geshSMOC talk: Aaron Goldberg

CHECK IT: The following marks the first installment in what will hopefully become the second main ingredient in a totally tricked-out podcast to be featured on Shemspeed, once the upcoming camera setup gets rollin’ and the editing tech gets fired up. Any musician or band as psyched as we are in sparking this imminent blowout should contact

Earlier this month, Shemspeed had the sweet treat of attending the granddaddy of all jazz festivals, held every August since ’54 by visionary Jewish jazz promoter George Wein and the late Elaine Lorillard. Practically every big name in the worlds of jazz, blues, and even rock n’ roll have stormed Fort Adams State Park for the Newport Jazz Festival for now over 50 years. As we had the privilege of taking in this legendary celebration of music, Shemspeed seized the chance to chat it up with Aaron Goldberg for this premiere edition of geshSMOC talk.

What separates you from the pack in the world of jazz?

Well, I’ve been playing with my trio for 12 years now – 15 years with Reuben – and that’s very rare in the world of jazz for a band to stay together for so long. They’re my dear friends, and we’ve developed a unique group sound. Over time, we have intuitively built a style organically, and not with too much conceptualization.

On your website, you list several quotes from your prominent peers. Wynton Marsalis has called you a “modern improviser of great clarity,” and Joshua Redman duly notes your “boundless imagination and burning intensity.” How do you define yourself as a musician?

I’m pretty hard to categorize stylistically. Over the years, I’ve played as a sideman for a lot of bandleaders with varying orientations and stylistic bents. For example, I’ve played with Wynton Marsalis with the Lincoln Jazz Orchestra (now known as a repertoire these days), and they play music from the 20’s all the way to today – yet I’ve also played with Kurt Rosenwinkel’s band, and Kurt’s one of the most progressive, modern, “electric” guitar players. In that sense, I wouldn’t say I’m trying to be eclectic, but rather, I’m trying to keep my mind open and learn as much as I can by playing with as many different people whose music I love. I haven’t tried to define myself with a narrow stylistic range, and I think that’s becoming increasingly common in the jazz world. My generation [arguably] is a little more divided between the more traditional camp and a looser modern camp, and I refuse to define myself in any particular camp. I just try to follow the music that I love, and as a result, now that I’m a bandleader, I’ve tried to lead with that open philosophy. We explore styles and traditions that move us, drawing from all parts of the world – from jazz and other popular music – and that stylistic diversity and open-mindedness is really what makes us different.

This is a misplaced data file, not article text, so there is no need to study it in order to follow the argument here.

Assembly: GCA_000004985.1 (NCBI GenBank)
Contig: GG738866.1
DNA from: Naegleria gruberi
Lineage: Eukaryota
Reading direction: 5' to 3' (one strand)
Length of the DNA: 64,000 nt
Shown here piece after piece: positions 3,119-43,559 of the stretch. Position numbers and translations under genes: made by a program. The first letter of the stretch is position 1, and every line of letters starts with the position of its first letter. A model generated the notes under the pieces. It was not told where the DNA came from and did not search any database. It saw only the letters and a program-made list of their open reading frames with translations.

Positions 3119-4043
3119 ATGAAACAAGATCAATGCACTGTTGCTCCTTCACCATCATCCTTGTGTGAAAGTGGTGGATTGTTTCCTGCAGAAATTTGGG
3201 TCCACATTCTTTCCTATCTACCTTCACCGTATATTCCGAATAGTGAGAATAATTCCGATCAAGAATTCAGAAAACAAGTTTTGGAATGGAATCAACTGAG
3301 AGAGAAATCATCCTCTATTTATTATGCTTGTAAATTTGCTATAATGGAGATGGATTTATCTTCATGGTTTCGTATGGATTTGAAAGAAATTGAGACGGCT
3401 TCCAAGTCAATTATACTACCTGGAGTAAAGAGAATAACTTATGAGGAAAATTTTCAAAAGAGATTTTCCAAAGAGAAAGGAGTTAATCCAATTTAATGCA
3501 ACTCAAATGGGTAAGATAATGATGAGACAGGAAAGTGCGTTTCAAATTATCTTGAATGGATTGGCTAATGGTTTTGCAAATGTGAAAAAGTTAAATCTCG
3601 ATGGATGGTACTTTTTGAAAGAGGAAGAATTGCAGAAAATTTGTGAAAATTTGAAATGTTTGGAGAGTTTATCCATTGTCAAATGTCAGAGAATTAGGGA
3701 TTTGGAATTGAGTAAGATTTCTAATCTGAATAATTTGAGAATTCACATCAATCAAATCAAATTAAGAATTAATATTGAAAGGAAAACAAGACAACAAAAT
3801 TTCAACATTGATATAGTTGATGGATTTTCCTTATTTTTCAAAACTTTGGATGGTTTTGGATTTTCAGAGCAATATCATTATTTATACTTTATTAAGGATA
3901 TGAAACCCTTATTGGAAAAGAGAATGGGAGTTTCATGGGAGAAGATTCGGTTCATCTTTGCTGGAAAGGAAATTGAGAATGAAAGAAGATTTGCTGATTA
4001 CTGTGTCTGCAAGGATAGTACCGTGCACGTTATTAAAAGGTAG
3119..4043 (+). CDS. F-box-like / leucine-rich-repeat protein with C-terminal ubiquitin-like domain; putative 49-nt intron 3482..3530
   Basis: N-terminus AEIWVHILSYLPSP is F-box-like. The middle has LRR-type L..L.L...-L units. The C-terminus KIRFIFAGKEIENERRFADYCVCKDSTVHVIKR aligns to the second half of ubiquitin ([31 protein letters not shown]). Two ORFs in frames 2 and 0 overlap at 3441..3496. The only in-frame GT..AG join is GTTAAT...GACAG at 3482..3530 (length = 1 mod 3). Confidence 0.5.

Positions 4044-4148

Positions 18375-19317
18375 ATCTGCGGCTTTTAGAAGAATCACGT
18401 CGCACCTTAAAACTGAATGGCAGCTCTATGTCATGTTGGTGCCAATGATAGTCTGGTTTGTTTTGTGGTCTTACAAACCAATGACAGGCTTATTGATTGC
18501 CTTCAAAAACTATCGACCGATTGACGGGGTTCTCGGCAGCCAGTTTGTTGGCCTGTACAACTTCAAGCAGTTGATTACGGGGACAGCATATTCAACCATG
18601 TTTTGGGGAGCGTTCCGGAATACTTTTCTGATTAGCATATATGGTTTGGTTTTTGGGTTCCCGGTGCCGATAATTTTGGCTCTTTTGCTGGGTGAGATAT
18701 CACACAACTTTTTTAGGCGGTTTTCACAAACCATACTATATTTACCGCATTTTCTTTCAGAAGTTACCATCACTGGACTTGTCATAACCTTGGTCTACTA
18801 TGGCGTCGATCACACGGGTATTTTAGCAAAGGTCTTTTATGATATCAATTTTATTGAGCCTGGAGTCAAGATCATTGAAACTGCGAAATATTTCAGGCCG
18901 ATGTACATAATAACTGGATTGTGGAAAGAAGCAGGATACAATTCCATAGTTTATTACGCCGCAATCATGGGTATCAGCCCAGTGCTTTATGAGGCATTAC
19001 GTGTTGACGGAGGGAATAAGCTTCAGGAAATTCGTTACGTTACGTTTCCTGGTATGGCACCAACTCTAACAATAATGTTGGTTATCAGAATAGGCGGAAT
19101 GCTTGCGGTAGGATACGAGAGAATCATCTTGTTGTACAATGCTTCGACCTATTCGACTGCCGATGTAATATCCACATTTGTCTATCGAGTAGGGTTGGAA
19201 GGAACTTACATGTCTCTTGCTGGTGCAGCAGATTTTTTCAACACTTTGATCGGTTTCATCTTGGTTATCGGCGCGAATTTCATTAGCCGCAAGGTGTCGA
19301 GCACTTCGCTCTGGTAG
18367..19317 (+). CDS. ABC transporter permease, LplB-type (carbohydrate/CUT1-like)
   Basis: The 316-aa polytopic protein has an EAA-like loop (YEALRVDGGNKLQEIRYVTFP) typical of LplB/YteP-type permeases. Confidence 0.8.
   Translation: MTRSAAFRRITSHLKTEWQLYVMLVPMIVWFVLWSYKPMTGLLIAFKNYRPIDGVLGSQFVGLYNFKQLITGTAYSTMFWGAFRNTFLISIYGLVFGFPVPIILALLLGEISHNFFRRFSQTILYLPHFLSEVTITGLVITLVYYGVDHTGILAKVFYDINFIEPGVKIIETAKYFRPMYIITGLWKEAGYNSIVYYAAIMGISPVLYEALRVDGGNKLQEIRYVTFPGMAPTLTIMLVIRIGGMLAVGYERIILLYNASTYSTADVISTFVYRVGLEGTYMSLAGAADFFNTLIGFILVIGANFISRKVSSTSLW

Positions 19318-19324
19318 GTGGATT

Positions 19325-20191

Is there any particular chart or album that sticks out in your mind that defines your ensemble’s sound above all others?

Given my answer to the last question, that’s a very difficult question to answer. [However], our last album Worlds – especially the first tune, “Lambada de Serpente,” originally sung by a great Brazilian composer named Djavan Caetano Viana – captures the spirit of that album. Worlds as a whole displays what we do well, and it would make a great introduction for your listeners.

In what way, if any, has being Jewish influenced how you create and/or perform music?

(laughs) My music has not been particularly informed by Jewish music [specifically], however I did grow up with a wonderful family (my parents LOVED music), singing in the synagogue – in some ways, all of that informed my general musicality. My deepest answer to your question, though, is that my relationship with Israeli jazz musicians has informed my music a lot, and I don’t know if I would have been approached to the same degree by these musicians in both Israel and New York if I wasn’t Jewish or as diverse as I am in my music.

Stay tuned for a taste of Worlds by the Aaron Goldberg Trio ONLY on


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